The transition to virtual gatherings has also impacted music clubs, such as Surround Sound, a student acapella group. In order to follow physical distancing restrictions, the group has taken to rehearsing outside at a Faculty of Music courtyard with masks on.

“This gives us some shelter from the wind and an easy, on-campus meeting spot each week, and we’ve found it to work quite well so far,” Abby Chase, a fourth-year student studying book and media studies, English, and creative expression and society, wrote in an email to The Varsity. As the president of Surround Sound, she has been especially focused on how to best transition the group from in person to online.

Although she expressed some frustration at the Faculty of Music’s responsiveness to the pandemic, citing a lack of reliable information and safety guidelines for groups like hers, she is trying to preserve the in-person element of acapella as long as possible.

“We will likely have to move virtual once the temperature hits freezing, with the increased restrictions in Toronto, but for now, we are enjoying the chance to sing in person however we can,” she wrote. 

However, even though clubs have hosted picnics and rehearsals have helped members bond, COVID-19 restrictions have undoubtedly altered how clubs can interact, especially music clubs like Surround Sound that rely on the creative and collaborative experience of singing together. 

“We can replicate a lot of the musical side of the group outside, but it’s much more challenging to safely plan socials, so that has impacted the group a lot,” Chase wrote. 

Another aspect of student life that has been indelibly affected by the pandemic is networking. Turgeon spoke about how limited socialization has impacted a vital part of music students’ experiences this year. 

“[For] every friend you make at the Faculty of Music, in a sense you’re networking because they’re your friend, but also in the future, you might collaborate with them,” Turgeon said. “In the future, they might be a conductor, or they might be a director… you never know how the people you know will influence the career you have.”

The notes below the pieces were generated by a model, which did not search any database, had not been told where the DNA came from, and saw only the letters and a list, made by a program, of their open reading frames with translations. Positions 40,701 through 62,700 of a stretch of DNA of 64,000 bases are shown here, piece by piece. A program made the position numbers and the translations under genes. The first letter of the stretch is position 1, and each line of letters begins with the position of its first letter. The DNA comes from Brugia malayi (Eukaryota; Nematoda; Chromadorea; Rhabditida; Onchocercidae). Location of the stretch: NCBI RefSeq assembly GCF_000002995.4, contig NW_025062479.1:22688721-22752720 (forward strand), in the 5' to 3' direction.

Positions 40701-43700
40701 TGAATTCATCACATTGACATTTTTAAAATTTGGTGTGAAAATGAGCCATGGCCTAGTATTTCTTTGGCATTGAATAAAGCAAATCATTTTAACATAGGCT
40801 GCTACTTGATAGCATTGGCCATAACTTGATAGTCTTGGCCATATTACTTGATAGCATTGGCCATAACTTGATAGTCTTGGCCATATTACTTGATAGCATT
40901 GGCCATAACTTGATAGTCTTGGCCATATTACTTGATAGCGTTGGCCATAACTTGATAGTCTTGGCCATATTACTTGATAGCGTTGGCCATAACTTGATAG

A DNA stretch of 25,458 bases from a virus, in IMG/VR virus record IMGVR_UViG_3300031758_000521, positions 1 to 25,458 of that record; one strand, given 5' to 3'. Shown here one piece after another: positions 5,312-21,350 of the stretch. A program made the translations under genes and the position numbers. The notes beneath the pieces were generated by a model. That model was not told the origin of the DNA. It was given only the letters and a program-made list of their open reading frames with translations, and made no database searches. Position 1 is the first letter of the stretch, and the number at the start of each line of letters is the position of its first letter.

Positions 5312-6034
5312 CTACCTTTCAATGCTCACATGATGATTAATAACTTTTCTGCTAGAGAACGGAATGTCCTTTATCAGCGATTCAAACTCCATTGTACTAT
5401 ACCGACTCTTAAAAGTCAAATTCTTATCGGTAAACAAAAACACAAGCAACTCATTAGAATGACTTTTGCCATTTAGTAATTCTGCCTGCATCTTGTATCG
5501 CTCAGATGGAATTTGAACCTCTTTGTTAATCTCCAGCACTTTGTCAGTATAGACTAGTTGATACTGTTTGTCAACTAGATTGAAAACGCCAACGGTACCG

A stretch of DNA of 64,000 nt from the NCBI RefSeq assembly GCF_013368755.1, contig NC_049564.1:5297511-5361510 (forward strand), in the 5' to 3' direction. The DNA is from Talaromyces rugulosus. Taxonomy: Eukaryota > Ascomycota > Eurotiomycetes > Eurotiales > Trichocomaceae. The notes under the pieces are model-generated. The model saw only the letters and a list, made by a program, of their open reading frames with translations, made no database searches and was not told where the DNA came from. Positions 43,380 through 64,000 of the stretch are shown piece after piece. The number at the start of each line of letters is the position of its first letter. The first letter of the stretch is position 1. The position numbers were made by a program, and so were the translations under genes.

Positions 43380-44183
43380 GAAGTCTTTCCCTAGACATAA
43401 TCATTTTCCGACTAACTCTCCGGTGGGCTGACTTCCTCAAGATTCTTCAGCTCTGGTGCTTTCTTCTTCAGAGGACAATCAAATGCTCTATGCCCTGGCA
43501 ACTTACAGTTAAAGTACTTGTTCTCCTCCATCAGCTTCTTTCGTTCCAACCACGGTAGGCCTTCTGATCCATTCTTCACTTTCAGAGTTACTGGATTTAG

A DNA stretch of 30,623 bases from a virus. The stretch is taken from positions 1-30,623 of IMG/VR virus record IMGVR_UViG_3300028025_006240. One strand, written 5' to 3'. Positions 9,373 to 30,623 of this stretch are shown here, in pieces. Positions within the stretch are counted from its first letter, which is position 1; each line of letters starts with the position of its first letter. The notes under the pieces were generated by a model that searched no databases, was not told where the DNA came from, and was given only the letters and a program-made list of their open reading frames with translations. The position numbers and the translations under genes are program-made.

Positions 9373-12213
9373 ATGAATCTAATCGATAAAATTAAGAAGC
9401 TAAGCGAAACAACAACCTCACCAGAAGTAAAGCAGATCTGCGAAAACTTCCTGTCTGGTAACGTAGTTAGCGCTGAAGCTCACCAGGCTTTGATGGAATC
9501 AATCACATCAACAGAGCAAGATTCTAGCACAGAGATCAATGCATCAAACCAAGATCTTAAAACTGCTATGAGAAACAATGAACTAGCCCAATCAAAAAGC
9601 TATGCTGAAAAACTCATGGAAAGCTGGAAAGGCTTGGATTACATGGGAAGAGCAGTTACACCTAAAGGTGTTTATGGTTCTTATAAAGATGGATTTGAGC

Beyond the LinkedIn quality of making connections at the faculty, Turgeon also noted that at the end of the day, she misses the people the most. Storm seconds this opinion. As both of them are performance majors, the specific style of education they chose at U of T is dependent on being around people and creating something alive and ephemeral for an audience and with each other. 

“Whenever a family [member] or friend asks me why I went into a performance stream in the faculty and maybe not an academic stream, it’s just because I love performing,” Storm said.

It is uncertain if Storm and Turgeon will get the opportunity to perform next semester. The Faculty of Music wrote to The Varsity that currently, recitals and juries — which are final performance exams — are intended to be delivered in person in the winter term, but that is subject to change. 

For now, although recorded auditions and recitals may give students multiple tries to perfect their final take, there is an irreproducible quality of being given one shot, one moment, to get it right. 

“I don’t know what the word is,” Turgeon said. “But when it’s a live performance, there’s a kind of excitement to knowing that maybe someone’s going to make a mistake. That kind of adds to the performance — it adds to the rawness and realness.” 

As a singer, she found that the experience of being on a stage is irreplaceable compared to the limitations of online learning. 

“As a performer, I feel so much more energized in the way that I’m able to express myself when there’s actual physical people watching me,” she said. “I kind of feed off of it — I feed off of that energy.” 

Recording herself instead is entirely different. “It doesn’t feel the same… you’re just making a video,” she said. “You’re not actually performing for people.”